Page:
Journeys Back

Journeys back are meant to be nostalgic meanders along the faded tracks of the past weeks, filled with second chances to enjoy all that went unnoticed in the eager excitement of going deeper, further, into the unknown. They are meant to be a slow ease-out from the enchantment of the bush. They ask that you chose the easiest and least risky ways, because they are sad and without the energy of the way in.

And so, journeys back like open spaces even more than journeys in. Open spaces mean very little or none of the fury of chopping or pushing over or dragging away. But therein often lie peril, like in these dried-out elephant tracks in the mud.

Open spaces in proper African savanna bushveld are oddities. Usually smallish – more than one hundred paces across would already be quite large. They are devout of trees for a reason, usually one of three: rock shelves or very shallow soil, or too brackish, or too wet for trees to feel comfortable there. Whichever the reason, if you are travelling through the bush by vehicle, they are attractive – but they can be deceptive.

The brackish areas typically have quite deep holes dug by animals and humans in search of salt, but those are usually trodden open and easy to spot. The rocky shelves could be strewn with lose boulders but the grass cover is usually sparse so that they can safely be avoided.

It is the wet areas that are treacherous, with their waving seas of grass that seem to beckon you into a straight drive-through. Hidden there, might be sodden patches that could keep you stuck for hours, even days, and although possibly the subject of much fireside chuckling afterwards, is anything but that while it lasts.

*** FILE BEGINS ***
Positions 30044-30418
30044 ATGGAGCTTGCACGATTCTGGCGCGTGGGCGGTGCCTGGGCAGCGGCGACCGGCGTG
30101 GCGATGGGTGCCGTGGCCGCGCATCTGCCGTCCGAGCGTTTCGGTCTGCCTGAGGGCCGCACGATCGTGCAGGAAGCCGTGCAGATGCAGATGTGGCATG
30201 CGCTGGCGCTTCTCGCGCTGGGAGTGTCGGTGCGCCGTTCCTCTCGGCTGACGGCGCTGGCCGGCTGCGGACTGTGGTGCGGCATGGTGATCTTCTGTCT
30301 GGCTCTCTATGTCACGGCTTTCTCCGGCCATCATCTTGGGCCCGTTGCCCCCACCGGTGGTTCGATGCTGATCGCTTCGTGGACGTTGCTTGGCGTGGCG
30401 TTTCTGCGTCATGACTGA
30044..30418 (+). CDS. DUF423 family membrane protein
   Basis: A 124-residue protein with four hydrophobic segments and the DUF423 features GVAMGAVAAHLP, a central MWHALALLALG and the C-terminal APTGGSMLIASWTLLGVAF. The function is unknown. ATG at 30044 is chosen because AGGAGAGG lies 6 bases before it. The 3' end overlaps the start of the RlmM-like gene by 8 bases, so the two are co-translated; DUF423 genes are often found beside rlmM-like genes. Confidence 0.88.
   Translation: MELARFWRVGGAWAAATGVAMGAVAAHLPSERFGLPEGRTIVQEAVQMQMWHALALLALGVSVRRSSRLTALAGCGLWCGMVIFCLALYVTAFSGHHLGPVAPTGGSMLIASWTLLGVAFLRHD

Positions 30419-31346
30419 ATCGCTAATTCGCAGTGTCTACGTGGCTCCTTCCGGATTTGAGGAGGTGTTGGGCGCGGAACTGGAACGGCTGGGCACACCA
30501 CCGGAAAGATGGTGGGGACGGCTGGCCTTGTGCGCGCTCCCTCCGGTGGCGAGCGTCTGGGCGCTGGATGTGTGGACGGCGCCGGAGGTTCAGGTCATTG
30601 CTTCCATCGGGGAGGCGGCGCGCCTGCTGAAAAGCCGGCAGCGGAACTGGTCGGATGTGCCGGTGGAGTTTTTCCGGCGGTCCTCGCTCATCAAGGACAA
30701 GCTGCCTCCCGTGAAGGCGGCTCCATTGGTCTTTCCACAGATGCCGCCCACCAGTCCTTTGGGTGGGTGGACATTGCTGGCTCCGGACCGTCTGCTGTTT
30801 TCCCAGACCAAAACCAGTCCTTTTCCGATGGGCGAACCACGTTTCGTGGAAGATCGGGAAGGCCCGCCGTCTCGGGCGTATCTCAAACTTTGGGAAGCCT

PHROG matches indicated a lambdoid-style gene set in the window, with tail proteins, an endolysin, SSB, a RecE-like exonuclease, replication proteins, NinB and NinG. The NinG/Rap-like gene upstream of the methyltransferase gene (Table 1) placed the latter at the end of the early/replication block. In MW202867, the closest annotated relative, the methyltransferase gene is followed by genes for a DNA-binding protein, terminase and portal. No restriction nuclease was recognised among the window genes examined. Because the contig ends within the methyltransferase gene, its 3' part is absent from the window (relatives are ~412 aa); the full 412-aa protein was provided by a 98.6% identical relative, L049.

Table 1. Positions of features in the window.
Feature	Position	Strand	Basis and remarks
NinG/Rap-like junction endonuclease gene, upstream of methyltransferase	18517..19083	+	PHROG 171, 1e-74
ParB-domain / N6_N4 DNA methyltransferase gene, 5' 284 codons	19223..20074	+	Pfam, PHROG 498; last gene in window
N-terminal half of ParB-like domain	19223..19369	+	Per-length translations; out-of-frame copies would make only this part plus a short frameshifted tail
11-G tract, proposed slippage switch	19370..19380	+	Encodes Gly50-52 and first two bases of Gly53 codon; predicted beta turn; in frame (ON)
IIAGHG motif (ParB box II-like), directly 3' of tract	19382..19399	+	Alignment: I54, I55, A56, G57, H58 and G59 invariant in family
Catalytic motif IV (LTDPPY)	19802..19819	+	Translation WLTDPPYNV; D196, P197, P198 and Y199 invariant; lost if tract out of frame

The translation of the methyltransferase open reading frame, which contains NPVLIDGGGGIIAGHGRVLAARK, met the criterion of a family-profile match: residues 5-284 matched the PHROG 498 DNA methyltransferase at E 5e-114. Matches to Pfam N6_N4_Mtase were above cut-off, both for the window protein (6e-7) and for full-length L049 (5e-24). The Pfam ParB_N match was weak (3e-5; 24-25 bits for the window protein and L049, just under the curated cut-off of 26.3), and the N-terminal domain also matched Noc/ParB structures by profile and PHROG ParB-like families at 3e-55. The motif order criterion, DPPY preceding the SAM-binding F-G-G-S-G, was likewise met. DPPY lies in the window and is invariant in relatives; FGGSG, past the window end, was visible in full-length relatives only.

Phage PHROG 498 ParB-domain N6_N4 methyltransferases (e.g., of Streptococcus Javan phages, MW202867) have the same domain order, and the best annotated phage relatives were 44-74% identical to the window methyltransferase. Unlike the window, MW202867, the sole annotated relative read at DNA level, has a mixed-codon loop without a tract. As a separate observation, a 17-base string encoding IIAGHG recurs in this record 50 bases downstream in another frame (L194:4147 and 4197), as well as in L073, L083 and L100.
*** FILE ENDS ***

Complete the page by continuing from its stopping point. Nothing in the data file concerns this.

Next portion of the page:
Another peril of wetlands, even though they may no longer be wet, are these dried-out elephant tracks in the mud. They are like anti-tank mines, hidden in the grass. Hitting one of them at anything more than dead slow could mean serious damage to the suspension.

I have learnt to make sure I avoid them – through a few jarring jolts, followed by anxious inspections of the vehicle suspension, and one extremely painful limp-along on emergency repair, followed by a long night and day at a roadside repair shop where a hammer was the apex of technology.  But, he had electricity, an angle grinder battered almost beyond recognition, an arc-welding machine of equal status, and, miraculously, welding rods – only five, and of dubious origin. Mercifully they worked, after a fashion. I used three, more than half his stock, and had to pay him a fortune for the privilege.

Anyway, without boring you with the poetic details of how, I got the front spring mounting fixed through a combination of the delicate arts of hammering, cutting with the grinder and welding with the sputtering arc-welder. I would have to make a better job of it later, but it would get me home.

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